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  • Pamela Newman, LCSW-C

How do I "People" Again?

Take a minute and think about how you felt in 2020 the moment you realized that the quarantine was going to last for much more than two weeks. Perhaps you were scared, frustrated, confused, worried, angry or just generally sad? Think about how long it took you to adapt to lockdown life. We had to figure out new technology, how to maintain relationships, how to not lose our minds at home and stay busy and active. It was difficult for most of us and we were eventually able to acclimate and accept that this was how it was going to be for the foreseeable future.


Now here we are, a year and a half later, and things are opening up and returning to how things were in the “the before times,” but it will never be quite the same. We will all have to pause and think before giving a friend a hug, shaking hands is a thing of the past and face masks are a fashion staple. You’ve heard it before, we have been forever changed from this pandemic. It’s been challenging, but we adapted.


Change is hard. It’s something we all know but often forget. With everyone reintegrating into the world, that’s bound to bring up more big feelings, anxiety, sadness, fear, frustration, confusion or any number of emotions. The idea of socialization which was so commonplace is now strange and unusual. Here are some thoughts on ways to help you adapt yet again to the new, new normal.


Don’t overdo it: Try not to get so excited that you overbook yourself (or your kids) and schedule something for every moment of every weekend. Try not to feel obligated to make plans either. It is going to take time to acclimate to reentry into the world, so start slow and then build up to a level where everyone is comfortable.


Try not to completely avoid others: For the introverts out there, quarantine may have been a welcome experience and wonderful excuse. You might have been noticing your anxiety diminishing because there were fewer social pressures. Some of you may have noticed that you are more of an introvert than you initially thought. Try meeting up with one friend at a time or a small group before having to return full force into the world to give yourself practice socializing again. Effective socialization is a skill and just like anything else, it takes consistent practice.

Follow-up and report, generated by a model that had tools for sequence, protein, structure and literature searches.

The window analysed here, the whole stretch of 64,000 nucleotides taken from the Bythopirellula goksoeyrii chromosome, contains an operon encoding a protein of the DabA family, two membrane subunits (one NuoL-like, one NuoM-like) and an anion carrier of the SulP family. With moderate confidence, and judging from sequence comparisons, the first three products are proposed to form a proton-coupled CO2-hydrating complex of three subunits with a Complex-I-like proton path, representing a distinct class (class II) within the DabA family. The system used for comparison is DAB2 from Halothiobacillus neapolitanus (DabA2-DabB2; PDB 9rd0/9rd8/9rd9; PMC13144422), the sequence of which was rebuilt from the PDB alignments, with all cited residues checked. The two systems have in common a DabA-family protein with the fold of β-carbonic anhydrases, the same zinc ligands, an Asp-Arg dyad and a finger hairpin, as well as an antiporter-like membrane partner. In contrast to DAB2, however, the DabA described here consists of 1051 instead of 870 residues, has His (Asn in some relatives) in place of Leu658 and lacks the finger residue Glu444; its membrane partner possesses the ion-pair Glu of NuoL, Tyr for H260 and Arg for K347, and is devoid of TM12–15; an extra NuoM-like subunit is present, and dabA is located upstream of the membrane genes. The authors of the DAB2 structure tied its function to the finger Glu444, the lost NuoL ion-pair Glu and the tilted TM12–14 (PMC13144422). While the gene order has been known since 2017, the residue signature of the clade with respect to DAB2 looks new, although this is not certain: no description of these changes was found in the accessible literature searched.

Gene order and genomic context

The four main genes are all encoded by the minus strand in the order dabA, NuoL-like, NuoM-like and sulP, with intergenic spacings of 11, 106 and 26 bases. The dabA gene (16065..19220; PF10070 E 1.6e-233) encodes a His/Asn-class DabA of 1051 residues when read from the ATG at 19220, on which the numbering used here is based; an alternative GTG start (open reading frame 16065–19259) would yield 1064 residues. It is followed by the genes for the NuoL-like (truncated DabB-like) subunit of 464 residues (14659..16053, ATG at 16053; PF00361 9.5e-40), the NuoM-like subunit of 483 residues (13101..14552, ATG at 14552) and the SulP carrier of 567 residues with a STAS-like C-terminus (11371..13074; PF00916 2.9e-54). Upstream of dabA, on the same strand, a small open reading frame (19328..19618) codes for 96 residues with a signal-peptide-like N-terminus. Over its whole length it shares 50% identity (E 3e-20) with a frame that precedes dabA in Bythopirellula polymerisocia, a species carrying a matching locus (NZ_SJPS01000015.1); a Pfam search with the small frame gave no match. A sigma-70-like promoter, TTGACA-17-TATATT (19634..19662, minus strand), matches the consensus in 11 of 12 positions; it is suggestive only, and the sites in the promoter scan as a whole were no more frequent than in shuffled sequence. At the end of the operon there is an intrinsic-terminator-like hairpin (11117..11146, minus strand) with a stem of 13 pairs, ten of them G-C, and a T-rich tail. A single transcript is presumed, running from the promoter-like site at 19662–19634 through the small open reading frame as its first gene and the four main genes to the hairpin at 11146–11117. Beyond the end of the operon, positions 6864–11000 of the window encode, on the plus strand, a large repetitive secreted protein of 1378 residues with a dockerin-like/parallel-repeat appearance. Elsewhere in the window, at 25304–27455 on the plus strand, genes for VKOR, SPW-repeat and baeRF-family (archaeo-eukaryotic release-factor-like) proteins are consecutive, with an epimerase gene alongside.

Figure out your new schedule: If you have to return to the office in person or school in person, start shifting your schedule according to what your new day will look like. Implement good habits now so they are easier to do once you are back to your old schedule. Oh, and get used to putting on pants. Make sure you have some that fit after the quarantine 15!


Know your appetite for risk: Be aware of your anxiety if you feel a situation is too risky for you health-wise. Communicate your needs to others and know that they might attempt to convince you to do something outside of your COVID Comfort Zone. Don’t be afraid to say no if you don’t feel something is safe.


Go easy on yourself: accept that what you are feeling is ok and address it head on. Recognize that our feelings are telling us something about our experiences and rather than pushing them away, acknowledge, pay attention to and validate them. We have had to be extremely flexible in the last year and a half to survive. Try to continue to be flexible with yourself and not be too hard on yourself if you are having trouble with the change.


Go easy on others: this is a good time to be observant and notice the behavior of others. Is your partner acting strange or different? Are your kids acting out or shutting down? We all react differently to change. Validate the feelings of your partner and name the emotions for your children to help them understand better what is happening internally. Know that everyone requires a different amount of time to adjust to new schedules and environments.


Welcome back everyone, it’s nice to see people’s smiles and chins again. Let’s continue to support one another so we can all get through this change together.